California Postpones Efforts to Legalize Psychedelics Until 2022

The state of California will have to wait until at least next year to follow Oregon’s footsteps in psychedelic decriminalization.

State Senator Scott Wiener (D-San Francisco) said the legislation he sponsors, which has already passed the California Senate, is being tabled so he can build support for the bill.

Senate Bill 519 would legalize possession and transport of limited quantities of various psychedelic compounds, including psilocybin, DMT, mescaline, LSD, and MDMA, among others. The bill would also allow therapists and physicians to legally prescribe cannabidiol as medical treatment.

“Good news/bad news,” Wiener announced on his Twitter account. “Our bill to decriminalize psychedelics (#SB519) is alive and well, but we’re pausing its further consideration in the Assembly until next yr. In technical talk, it’s now a ‘2-year bill.’”

More Time to Build Support

SB-519 was originally scheduled to be considered for final passage by the Assembly Appropriations Committee last Thursday. Instead, the committee decided to turn the proposed legislation into a “two-year bill,” an act that’s introduced in the first of a two-year Senate session but carried over into the second.

The delay allows Wiener and his co-sponsors time to build a stronger coalition of support for legalization. According to Wiener’s web page, that advocacy group includes veterans who have used psychedelics as PTSD treatments, parents of children who have beaten addiction with psychedelics, and members of the medical community.

“#SB519 advanced deep into the legislative process — honestly, way further than I anticipated, since it’s a new idea in the Legislature,” Wiener’s tweet says. “It passed the full Senate and both Assembly policy committees. But we need more time to build support in the Assembly to achieve final passage.”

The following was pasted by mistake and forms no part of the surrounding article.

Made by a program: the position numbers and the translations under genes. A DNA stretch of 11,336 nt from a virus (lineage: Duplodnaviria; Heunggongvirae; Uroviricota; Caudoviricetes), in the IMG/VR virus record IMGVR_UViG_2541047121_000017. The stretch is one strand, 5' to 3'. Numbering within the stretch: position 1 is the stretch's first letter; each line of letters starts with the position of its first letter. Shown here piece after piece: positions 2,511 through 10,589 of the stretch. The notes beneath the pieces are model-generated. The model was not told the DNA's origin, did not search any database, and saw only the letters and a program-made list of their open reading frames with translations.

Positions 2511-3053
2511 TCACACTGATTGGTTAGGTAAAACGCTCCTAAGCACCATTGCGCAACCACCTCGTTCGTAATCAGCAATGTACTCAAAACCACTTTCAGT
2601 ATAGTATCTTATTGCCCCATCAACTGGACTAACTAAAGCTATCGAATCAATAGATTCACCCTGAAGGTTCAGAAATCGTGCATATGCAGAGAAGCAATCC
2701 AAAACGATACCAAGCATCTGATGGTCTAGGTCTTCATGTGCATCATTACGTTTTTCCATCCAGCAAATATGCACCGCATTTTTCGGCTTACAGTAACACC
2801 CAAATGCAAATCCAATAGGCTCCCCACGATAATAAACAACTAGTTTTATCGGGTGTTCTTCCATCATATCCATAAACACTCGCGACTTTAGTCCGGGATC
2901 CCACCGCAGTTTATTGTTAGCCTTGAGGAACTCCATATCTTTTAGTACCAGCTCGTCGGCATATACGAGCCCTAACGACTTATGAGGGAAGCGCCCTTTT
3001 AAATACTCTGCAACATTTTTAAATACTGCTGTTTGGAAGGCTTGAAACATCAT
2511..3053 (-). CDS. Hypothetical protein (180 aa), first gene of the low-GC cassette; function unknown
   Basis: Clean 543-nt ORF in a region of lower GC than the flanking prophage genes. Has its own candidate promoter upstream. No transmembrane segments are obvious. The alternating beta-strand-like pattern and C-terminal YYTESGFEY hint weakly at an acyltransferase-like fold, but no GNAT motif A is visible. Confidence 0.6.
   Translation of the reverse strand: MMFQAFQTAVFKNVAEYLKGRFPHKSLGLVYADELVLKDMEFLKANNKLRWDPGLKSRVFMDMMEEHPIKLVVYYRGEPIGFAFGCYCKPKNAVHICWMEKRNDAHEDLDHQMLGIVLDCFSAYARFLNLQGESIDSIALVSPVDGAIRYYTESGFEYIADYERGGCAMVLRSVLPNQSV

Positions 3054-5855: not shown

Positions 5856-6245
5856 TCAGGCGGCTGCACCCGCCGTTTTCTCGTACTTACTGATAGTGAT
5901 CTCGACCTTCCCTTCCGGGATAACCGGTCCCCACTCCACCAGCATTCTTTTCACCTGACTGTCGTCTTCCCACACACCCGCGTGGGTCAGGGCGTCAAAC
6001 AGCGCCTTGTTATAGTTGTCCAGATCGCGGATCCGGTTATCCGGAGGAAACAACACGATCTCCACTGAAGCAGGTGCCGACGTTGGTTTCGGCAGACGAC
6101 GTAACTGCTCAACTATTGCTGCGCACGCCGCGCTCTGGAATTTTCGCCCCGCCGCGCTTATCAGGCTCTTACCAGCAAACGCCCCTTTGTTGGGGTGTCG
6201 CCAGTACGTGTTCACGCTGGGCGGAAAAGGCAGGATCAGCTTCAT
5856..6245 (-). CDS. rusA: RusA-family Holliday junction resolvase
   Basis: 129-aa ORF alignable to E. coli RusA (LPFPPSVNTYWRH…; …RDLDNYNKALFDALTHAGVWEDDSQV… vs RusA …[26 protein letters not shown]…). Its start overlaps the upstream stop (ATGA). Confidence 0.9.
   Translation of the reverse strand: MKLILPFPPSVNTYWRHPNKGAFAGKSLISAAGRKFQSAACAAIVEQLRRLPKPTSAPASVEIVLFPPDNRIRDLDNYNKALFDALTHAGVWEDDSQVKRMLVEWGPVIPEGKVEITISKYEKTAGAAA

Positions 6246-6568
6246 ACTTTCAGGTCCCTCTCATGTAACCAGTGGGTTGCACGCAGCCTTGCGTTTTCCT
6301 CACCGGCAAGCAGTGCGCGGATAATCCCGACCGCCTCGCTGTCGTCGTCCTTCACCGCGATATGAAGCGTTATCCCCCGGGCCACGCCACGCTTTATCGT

Wiener’s bill specifies that its provisions extend only to adults at least 21 years of age. It includes penalties for sharing psychedelics with underage people and possession on school grounds.

A Growing National Trend

SB-519 reflects a small but steadily building movement to legalize psychedelics in America. Voters in Oregon approved a 2020 ballot measure to decriminalize personal use of scheduled substances. The measure also created a psilocybin services program run by the state over the next two years.

Furthermore, California cities Oakland and Santa Cruz have decriminalized psychedelic substances at the municipal level, as has Washington, D.C.

The psychedelic legalization movement is supported by ongoing clinical trials on the efficacy of psychedelics as mental health treatments. Research suggests controlled administration of psilocybin may have great benefits in treating depression, substance abuse, and other mental conditions.

The bill’s language also cites the failure of the War On Drugs as a catalyst for change in California drug laws.

“Criminalization has not deterred drug use, and has instead made drug use less safe,” the bill reads. “This act will allow for the non-commercial, personal use and sharing of specified controlled substances, including for the purposes of group counseling and community-based healing or other related services.”

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